Amy often wondered what choices’ brought her to this point in her life. She’d always loved to be a writer, but she wanted to be a fiction novelist, not a person that wrote fiction-based news reports for The Eclipse. She had even left town for a while to pursue a journalistic career, but she just wasn’t happy with the dull facts and specifics. She needed a more creative outlet for her imaginative mind. She stumbled onto The Eclipse. It was a well-respected newspaper in its time until the digital age made the printed page a dinosaur, about extinct. Until a shift in their format to sensational news on the net brought it back from the brink. She could come back home and work from her house and just mail in the stories, rarely having to make an actual appearance there herself.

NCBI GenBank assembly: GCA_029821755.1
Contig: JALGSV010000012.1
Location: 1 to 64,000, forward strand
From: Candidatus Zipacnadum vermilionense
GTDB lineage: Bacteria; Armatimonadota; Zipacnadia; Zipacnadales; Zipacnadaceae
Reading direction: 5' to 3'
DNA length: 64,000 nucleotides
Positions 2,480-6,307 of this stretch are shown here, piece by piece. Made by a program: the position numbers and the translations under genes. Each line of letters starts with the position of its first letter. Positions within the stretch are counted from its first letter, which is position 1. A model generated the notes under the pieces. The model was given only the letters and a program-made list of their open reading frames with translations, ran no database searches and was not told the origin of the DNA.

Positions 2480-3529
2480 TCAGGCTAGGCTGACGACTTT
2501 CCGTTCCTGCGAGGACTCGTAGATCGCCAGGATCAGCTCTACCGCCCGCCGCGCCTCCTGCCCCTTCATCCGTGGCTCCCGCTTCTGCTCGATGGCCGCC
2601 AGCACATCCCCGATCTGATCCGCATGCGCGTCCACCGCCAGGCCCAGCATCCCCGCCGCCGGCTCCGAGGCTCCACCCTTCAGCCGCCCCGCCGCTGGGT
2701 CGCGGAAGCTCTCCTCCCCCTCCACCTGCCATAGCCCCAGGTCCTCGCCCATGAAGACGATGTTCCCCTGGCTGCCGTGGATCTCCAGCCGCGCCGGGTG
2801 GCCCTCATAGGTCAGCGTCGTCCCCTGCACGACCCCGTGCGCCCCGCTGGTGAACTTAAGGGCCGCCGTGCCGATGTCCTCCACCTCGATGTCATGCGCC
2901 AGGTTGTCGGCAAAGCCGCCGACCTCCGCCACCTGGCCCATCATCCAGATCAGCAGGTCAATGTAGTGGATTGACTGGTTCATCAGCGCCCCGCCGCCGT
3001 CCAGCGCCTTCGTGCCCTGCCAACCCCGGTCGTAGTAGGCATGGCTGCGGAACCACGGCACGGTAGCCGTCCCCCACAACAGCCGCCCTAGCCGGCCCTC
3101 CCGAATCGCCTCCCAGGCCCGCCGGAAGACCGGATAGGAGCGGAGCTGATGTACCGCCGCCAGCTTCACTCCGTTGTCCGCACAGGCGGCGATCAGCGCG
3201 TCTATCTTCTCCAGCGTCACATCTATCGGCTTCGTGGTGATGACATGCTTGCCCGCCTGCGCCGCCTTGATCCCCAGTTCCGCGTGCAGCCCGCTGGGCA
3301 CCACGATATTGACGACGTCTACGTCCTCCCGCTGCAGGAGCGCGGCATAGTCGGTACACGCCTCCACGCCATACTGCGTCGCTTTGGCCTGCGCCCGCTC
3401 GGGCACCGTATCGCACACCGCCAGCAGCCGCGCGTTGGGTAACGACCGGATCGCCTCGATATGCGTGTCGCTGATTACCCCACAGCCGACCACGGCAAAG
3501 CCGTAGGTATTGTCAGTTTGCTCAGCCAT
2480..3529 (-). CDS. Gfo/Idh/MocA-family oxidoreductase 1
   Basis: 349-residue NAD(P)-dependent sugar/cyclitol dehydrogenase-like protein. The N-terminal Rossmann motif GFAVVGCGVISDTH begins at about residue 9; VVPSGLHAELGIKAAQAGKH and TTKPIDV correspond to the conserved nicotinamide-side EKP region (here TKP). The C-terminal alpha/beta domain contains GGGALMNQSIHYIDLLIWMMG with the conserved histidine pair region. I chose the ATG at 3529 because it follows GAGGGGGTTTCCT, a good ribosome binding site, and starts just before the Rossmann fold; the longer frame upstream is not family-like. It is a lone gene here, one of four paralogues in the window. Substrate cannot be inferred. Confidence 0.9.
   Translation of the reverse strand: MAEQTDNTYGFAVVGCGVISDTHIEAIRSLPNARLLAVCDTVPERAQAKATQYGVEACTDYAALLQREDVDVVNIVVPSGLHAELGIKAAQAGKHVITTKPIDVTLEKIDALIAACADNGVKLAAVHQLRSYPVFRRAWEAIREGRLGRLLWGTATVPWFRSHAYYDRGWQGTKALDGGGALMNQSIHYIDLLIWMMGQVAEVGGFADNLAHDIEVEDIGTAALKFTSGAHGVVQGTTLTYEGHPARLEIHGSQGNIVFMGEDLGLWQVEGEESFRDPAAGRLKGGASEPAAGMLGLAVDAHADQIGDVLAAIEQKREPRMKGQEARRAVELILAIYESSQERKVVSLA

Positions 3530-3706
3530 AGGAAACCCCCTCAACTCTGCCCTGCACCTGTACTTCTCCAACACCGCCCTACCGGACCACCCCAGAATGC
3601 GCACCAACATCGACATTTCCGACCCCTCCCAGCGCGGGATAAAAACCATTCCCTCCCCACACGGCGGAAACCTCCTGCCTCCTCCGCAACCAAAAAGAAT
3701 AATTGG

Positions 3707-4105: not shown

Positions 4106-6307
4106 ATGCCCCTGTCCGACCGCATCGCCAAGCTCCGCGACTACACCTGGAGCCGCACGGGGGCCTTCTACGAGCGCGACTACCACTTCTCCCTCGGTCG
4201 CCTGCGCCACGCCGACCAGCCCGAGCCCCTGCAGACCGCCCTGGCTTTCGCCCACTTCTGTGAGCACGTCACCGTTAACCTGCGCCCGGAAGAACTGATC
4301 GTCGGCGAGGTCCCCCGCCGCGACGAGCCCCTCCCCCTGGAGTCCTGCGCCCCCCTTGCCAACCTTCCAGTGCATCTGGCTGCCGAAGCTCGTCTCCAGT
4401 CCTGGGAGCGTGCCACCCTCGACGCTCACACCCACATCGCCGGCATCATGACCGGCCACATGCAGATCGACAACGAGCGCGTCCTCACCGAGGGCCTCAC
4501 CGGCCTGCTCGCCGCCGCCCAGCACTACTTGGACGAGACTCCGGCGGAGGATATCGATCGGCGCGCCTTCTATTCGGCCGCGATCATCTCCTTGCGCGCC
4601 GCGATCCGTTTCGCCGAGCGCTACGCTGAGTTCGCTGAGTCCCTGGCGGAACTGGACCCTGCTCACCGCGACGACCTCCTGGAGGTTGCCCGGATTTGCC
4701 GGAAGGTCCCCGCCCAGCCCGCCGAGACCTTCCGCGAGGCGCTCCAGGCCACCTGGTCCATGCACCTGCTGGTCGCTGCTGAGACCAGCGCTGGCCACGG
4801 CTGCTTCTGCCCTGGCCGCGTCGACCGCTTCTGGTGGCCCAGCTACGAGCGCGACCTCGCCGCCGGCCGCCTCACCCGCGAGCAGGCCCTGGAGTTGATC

That smile, Captain Rogers thought, got her into more restricted places than he could count, even his heart. He looked up and his eyes flashed hot with anger. The last bit of information he had given to her she’d turned into a fictional tale of man-eating monsters and full moons. In certain circles it had even been suggested that all these recent murders were done by some kind of cult. He despised those who twisted the right of free speech and used it to write such trash; still, seeing her again made his heart skip a beat…

“Captain Thompson Rogers, do you have any new leads on the identities of the savages?” She turned the recorder uncomfortably toward his face.